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Paul Miles - Healing Vibrations

Alley Records

12 songs; 52:35 minutes; Suggested

Styles: Acoustic Blues

With this CD, remembrances of Richie Havens in the Woodstock 1969 movie immediately came to mind. Not since Havens’ spellbinding recorded performance have I heard steadily driving acoustic guitar and an emphasis on peace, love, and harmony. Detroit’s multi-talented, award winning Paul Joseph Miles has produced an all original acoustic set with music as infectious as Facebook. Throughout his 11th album, Miles showcases expert, nimble finger picking, poly rhythms, strummed chord progressions, and slide guitar while singing in a pleasant but slightly restrained voice.

I chose the one instrumental track, “Desert Bloom,” as the show opener for the March 31st edition of the Friends of the Blues Radio Show. I would not usually open the show with a song that runs just over six minutes, but this one created the kinds of moods and mental pictures appropriate for beginning a four-hour show. A "Desert Bloom" is a flower in an arid area, yet this song is only delicate enough to evoke the image of one until its one-minute mark. Then Miles's guitar accelerates into whirling notes and rhythms pummeling the air as fast as boxers pummel a hanging bag! This song is a thrilling ride!

The affair begins with “Keep it Mellow," a title delightfully misleading even though the words in the title are mentioned in the refrain. Mellow songs are characteristically slow, soft, and soothing. This number thoroughly breaks all three criteria! Paul Miles's unstoppable train-track rhythms on guitar are anything but slow. Furthermore, his vocals include exultant whoops and high-pitched squeals at unpredictable moments. Those wearing headphones be ready! "Keep it Mellow" exudes a driving propulsion, not calm relaxation. It's meant to wake one up and compel one to dance! Witness Miles’s absolute mastery of blistering tempos and acoustic fire. Despite its name, this song is smoking hot!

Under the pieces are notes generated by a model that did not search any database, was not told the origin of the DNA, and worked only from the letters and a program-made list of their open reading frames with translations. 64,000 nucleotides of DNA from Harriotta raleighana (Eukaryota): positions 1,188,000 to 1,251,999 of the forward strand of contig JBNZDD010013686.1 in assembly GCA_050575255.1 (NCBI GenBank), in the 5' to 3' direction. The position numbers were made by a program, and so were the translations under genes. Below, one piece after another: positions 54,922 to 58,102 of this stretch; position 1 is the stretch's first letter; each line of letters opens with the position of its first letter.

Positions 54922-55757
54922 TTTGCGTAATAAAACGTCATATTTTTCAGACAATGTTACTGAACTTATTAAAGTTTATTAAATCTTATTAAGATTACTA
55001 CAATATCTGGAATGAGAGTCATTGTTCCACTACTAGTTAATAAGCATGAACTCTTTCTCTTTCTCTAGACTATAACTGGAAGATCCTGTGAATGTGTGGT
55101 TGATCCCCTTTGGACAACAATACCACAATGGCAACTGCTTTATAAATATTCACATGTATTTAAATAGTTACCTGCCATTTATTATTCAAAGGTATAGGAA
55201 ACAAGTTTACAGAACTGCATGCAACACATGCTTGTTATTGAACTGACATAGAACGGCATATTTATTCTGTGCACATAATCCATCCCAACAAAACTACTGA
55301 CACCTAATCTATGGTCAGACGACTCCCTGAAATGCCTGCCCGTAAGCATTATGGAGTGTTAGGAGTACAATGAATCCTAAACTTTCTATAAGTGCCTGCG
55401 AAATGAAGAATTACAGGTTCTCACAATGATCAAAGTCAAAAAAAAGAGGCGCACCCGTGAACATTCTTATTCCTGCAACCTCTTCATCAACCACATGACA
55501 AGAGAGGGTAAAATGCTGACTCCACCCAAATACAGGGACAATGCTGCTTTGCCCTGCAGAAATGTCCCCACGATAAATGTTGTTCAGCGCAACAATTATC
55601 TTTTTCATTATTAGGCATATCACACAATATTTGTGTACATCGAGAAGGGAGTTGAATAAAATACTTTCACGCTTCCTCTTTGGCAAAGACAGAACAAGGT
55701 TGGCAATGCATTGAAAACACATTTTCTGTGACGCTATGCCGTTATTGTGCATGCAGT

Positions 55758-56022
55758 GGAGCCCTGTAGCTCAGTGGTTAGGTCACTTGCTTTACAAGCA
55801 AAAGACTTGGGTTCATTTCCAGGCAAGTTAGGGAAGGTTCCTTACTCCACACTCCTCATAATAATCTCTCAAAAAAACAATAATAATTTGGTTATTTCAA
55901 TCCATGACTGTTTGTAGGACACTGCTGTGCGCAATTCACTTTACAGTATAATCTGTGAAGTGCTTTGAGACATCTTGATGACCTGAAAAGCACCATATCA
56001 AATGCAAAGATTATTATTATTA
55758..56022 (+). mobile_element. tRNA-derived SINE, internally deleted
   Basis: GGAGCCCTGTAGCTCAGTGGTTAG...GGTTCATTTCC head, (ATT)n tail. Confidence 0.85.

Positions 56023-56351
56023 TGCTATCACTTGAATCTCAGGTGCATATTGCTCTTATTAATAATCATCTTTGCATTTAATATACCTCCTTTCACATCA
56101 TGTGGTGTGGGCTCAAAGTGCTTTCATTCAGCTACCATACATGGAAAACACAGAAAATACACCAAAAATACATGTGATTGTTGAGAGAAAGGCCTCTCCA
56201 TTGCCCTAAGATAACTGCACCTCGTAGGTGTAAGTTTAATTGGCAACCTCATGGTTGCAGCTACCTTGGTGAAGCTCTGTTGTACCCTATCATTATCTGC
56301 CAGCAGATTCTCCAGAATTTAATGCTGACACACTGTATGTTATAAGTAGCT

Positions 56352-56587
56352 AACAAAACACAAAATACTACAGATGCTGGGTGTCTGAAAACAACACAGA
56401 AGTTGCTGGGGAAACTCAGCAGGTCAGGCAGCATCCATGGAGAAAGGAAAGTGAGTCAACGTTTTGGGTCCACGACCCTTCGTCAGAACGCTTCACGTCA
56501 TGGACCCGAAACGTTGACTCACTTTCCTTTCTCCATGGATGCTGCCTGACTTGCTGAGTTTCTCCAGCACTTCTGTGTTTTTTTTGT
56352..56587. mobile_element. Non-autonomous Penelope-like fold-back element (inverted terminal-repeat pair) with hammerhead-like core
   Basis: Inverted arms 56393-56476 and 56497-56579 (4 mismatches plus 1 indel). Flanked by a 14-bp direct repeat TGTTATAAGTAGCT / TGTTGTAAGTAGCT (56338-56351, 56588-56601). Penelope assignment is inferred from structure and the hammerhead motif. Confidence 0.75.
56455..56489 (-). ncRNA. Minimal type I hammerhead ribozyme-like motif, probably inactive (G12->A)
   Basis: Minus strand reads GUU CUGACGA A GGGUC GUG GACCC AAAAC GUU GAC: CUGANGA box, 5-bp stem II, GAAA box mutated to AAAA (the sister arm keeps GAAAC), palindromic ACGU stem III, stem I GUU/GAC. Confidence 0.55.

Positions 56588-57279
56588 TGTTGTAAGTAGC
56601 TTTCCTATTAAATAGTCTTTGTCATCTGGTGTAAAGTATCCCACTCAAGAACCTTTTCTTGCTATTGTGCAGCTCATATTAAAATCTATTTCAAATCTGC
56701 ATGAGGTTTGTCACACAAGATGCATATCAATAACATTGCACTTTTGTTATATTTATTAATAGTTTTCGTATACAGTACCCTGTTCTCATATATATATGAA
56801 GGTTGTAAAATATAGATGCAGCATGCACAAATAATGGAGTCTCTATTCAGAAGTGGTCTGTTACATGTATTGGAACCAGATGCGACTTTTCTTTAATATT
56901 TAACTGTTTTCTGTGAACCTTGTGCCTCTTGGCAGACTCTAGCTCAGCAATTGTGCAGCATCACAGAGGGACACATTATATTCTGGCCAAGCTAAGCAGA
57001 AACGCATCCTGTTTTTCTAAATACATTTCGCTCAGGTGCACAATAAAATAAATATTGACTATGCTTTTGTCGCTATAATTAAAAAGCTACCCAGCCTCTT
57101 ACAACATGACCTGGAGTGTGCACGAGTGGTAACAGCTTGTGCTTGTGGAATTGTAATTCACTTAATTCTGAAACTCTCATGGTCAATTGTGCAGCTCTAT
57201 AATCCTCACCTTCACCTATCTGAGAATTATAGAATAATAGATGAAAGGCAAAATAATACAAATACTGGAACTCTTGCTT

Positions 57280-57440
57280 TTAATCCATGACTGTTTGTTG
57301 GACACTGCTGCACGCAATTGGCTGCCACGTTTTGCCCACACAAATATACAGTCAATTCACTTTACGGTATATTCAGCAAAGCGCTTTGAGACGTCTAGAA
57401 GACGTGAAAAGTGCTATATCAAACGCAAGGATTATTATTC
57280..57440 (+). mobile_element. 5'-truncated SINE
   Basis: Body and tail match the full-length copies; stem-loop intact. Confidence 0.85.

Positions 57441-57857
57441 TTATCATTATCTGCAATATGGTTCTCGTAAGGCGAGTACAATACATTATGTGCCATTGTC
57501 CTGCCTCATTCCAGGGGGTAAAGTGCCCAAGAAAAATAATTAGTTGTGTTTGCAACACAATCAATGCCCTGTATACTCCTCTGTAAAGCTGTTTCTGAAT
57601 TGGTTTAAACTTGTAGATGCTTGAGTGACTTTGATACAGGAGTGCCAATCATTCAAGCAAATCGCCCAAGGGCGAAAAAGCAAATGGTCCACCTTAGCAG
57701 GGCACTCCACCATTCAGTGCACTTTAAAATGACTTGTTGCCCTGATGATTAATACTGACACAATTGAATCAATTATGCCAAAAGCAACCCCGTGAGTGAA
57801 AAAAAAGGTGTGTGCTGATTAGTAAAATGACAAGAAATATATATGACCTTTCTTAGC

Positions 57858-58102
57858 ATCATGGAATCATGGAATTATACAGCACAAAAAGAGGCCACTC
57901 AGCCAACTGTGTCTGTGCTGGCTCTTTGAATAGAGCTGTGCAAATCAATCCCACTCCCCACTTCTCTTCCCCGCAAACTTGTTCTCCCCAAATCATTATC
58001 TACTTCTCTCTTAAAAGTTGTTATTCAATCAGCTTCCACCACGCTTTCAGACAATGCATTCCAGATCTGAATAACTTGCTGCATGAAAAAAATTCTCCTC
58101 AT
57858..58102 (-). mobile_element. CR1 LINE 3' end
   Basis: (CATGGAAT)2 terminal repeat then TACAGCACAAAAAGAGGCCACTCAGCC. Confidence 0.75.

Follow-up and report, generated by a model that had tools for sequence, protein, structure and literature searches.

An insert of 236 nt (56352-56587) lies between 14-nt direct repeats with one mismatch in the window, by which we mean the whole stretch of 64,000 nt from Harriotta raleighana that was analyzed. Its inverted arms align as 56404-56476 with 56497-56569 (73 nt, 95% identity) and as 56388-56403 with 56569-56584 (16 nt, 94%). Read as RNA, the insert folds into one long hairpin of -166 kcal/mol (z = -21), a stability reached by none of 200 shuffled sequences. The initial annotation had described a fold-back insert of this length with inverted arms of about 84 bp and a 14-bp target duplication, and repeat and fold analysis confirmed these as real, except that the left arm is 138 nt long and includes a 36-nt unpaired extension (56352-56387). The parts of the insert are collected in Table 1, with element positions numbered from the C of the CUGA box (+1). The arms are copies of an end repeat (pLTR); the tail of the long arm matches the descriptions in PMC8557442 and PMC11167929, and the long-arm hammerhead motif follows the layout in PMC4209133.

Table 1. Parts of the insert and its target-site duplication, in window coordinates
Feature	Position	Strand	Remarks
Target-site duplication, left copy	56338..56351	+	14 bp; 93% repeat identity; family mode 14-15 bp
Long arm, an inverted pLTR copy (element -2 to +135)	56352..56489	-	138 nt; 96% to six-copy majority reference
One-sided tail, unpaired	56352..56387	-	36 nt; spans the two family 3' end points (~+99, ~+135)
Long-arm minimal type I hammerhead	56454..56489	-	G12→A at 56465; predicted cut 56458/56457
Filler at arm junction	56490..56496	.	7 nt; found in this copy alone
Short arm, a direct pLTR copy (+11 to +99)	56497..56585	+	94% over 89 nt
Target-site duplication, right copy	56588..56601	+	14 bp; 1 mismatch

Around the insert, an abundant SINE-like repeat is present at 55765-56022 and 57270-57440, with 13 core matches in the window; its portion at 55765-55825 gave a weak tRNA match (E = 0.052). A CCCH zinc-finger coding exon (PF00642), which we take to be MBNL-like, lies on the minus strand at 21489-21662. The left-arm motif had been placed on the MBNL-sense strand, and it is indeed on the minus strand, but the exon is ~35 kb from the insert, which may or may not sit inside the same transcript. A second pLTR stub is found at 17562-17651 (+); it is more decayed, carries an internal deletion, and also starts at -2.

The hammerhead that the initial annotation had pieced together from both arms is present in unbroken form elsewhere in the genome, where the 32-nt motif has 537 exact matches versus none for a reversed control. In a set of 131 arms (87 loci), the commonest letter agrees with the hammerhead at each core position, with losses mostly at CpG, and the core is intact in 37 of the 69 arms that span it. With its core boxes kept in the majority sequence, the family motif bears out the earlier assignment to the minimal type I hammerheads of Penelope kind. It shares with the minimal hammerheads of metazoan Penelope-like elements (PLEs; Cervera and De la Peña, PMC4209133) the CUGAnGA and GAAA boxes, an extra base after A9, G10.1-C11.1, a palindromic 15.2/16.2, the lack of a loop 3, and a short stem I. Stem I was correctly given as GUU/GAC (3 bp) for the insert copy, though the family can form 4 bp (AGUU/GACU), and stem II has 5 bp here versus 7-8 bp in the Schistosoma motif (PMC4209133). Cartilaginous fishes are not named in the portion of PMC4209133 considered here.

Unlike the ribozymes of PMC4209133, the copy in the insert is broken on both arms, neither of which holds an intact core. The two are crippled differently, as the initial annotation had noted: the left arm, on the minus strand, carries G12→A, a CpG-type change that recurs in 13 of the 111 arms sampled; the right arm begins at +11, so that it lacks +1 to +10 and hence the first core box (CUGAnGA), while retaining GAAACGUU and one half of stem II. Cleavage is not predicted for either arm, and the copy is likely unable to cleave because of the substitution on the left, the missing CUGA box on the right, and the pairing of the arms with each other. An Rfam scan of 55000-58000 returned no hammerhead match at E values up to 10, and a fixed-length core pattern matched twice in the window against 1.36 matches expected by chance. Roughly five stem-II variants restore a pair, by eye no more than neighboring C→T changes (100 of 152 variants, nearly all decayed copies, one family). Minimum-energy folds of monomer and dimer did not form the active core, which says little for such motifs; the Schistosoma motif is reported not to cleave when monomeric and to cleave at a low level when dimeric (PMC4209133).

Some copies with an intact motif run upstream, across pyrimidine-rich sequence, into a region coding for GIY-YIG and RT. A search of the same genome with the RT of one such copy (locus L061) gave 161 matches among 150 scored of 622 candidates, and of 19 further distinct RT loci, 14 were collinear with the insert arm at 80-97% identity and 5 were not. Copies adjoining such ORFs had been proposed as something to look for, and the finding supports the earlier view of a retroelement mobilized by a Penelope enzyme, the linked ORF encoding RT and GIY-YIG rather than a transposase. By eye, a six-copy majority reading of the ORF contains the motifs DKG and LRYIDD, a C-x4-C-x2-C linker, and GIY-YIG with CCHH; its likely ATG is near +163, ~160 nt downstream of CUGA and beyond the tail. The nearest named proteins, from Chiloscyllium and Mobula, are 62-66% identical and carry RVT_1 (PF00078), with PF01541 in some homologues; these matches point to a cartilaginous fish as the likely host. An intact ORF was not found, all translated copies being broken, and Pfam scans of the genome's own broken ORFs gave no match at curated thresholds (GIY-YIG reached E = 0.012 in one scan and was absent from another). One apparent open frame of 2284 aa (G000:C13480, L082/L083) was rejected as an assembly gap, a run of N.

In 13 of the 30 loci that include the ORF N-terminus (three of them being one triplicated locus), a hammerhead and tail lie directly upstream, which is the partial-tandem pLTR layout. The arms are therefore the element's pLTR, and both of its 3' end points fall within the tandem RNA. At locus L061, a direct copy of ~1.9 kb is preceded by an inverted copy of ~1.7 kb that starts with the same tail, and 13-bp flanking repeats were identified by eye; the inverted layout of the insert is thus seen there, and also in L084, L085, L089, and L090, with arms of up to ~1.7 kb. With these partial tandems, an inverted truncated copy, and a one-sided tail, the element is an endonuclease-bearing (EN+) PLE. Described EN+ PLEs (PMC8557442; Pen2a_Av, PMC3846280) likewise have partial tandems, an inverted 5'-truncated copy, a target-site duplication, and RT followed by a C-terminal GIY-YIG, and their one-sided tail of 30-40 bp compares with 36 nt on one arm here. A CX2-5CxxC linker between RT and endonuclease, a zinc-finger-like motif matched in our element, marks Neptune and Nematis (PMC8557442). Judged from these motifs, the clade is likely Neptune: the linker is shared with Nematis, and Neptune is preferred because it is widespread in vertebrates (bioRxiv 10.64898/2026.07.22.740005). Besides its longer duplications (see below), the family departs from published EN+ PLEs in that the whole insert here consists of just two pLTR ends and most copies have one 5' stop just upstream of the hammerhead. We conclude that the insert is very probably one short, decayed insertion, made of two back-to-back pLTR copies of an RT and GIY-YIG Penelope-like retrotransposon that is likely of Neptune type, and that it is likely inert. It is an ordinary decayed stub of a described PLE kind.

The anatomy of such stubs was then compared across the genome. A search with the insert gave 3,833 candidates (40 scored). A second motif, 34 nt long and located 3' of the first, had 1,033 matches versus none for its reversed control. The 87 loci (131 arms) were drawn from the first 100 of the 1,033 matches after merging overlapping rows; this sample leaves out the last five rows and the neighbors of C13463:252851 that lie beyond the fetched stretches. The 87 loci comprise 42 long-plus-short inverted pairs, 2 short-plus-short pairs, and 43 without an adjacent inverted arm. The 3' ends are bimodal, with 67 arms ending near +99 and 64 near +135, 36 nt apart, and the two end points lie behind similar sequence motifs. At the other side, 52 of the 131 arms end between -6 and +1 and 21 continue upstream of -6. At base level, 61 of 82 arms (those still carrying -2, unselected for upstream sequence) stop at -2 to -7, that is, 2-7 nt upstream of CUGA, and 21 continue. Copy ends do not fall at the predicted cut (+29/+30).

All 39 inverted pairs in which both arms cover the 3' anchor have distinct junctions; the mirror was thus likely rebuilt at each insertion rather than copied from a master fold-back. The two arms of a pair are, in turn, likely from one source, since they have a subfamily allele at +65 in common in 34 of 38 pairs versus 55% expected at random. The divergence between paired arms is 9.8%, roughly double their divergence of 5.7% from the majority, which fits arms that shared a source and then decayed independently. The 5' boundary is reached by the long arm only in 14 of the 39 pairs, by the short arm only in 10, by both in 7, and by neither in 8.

Ironically, “Cool Water" has a plea for relief more mellow than "Keep it Mellow." The title becomes a harmonizing-with-himself catchphrase that rolls right off of Miles's tongue like the liquid it represents. When first listening, one might think this melody is a simple ode to a hot summer day and its antidote. Perhaps, however, Miles is deeper, intoning the Biblical tale of Lazarus the beggar and the rich man. When the beggar and the wealthy citizen who had spurned him both passed away, the latter begged the former for a drop of water to cool his tongue because he was being tormented with "infernal pain," as Miles sings. Closing, Miles's guitar gave an ominous drum roll-like chord as he begs a final "Make it cooool."

Songs speaking more directly to the album’s overall peace, love, and harmony theme include “Heal” with its opening slide guitar licks and wonderful mid-song solo. “The world is going through a lot of pain; just like me every day...Heal.” “What Is the Message” is full of introspection and verbal challenges to us all: “Can you tell me ‘What is the Message’ [of life]”? And, Miles claims that “one day we’ll see the light” in “It’ll Be Alright.” More sweet slide opens “Remember Blue” about a late guitarist with a depth of emotion.

Not everything is totally cerebral; there is room for romantic love, too, as found in the up-tempo “Just a Little Blues” and “Whatcha Wanna Do.”

Unless Paul Miles is secretly Superman, his arm had to be tired at the end of this set of propulsive rhythms. What are not tired are my ears; they’re calling for a hit on the replay button!

Amy Walker contributed to this review.

Reviewer James "Skyy Dobro" Walker is a noted Blues writer, DJ, Master of Ceremonies, and Blues Blast contributor. His weekly radio show "Friends of the Blues" can be heard Saturdays 8 pm - Midnight on WKCC 91.1 FM and at in Kankakee, IL.

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